Hurricane Irma strips the Carribean islands of its greenery

Satellite images published via NASA:

Hurricane Irma churned across the Atlantic Ocean in September 2017, battering several Caribbean islands before moving on to the Florida Keys and the U.S. mainland. As the clouds cleared over places like the Virgin Islands, the destruction became obvious even from space.

These natural-color images, captured by the Operational Land Imager (OLI) on the Landsat 8 satellite, show some of Irma’s effect on the British and U.S. Virgin Islands. The views were acquired on August 25 and September 10, 2017, before and after the storm passed. 

The most obvious change is the widespread browning of the landscape. There are a number of possible reasons for this. Lush green tropical vegetation can be ripped away by a storm’s strong winds, leaving the satellite with a view of more bare ground. Also, salt spray whipped up by the hurricane can coat and desiccate leaves while they are still on the trees.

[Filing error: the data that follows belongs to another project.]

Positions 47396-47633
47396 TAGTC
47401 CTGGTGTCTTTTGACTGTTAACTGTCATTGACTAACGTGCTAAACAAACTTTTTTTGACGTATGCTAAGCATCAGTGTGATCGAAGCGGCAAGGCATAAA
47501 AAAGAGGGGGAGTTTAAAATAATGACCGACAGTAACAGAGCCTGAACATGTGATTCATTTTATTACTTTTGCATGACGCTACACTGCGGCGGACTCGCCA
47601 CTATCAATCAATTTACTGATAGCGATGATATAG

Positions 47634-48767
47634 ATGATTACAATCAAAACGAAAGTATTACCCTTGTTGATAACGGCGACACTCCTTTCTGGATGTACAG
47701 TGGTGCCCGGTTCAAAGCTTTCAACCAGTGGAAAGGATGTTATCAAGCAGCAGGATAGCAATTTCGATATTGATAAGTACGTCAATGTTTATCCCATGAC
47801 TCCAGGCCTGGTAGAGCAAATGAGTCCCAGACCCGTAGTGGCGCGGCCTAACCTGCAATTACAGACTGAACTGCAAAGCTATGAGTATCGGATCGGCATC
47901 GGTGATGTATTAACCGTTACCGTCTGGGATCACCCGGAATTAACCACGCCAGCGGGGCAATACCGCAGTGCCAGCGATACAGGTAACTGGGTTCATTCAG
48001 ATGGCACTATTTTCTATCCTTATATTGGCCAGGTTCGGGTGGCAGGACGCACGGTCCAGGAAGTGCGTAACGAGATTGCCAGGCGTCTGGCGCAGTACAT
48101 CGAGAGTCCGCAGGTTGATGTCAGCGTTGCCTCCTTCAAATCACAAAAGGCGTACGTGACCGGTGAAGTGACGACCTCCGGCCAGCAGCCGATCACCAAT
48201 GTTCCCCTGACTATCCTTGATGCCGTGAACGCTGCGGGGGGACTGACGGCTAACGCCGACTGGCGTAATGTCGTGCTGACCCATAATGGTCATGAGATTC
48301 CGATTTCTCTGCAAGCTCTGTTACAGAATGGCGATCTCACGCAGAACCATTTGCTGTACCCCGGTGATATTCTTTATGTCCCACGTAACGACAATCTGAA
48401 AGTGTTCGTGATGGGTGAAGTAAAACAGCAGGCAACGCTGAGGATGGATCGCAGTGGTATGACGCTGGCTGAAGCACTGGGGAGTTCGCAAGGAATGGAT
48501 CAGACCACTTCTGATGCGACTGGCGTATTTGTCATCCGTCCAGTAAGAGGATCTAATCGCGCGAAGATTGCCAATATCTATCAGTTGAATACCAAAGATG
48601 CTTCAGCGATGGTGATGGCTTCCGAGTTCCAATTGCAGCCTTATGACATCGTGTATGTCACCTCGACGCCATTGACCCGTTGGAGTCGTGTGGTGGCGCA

Irma passed the northernmost Virgin Islands on the afternoon of September 6. At the time, Irma was a category 5 storm with maximum sustained winds of 185 miles (295 kilometers) per hour. According to news reports, the islands saw “significant devastation.”

Newly processed photos of Jupiter taken by NASA’s Juno probe

Via Kottke:

Seán Doran shared some recently processed photos of Jupiter that he worked on with Gerald Eichstädt. The photos were taken by NASA’s Juno probe on a recent pass by the planet. These are like Impressionist paintings…you could spend hours staring at the whirls & whorls and never find your way out. There are more images of Jupiter in Doran’s Flickr album, including this high-resolution shot that you can download for printing.

An artist enlivens the city with his whimsical shadow artworks

Via Design You Trust:

Damon Belanger, a local artist from San Carlos, created the stencil designs for his latest art project at his home before heading to downtown Redwood City where he draws it out in chalk and paints the design on the sidewalk. A dark gray paint gives the illusion of a strange shadow attached to everyday objects. A parking meter’s shadow becomes a monkey’s hangout or bike racks begin sprouting flowers.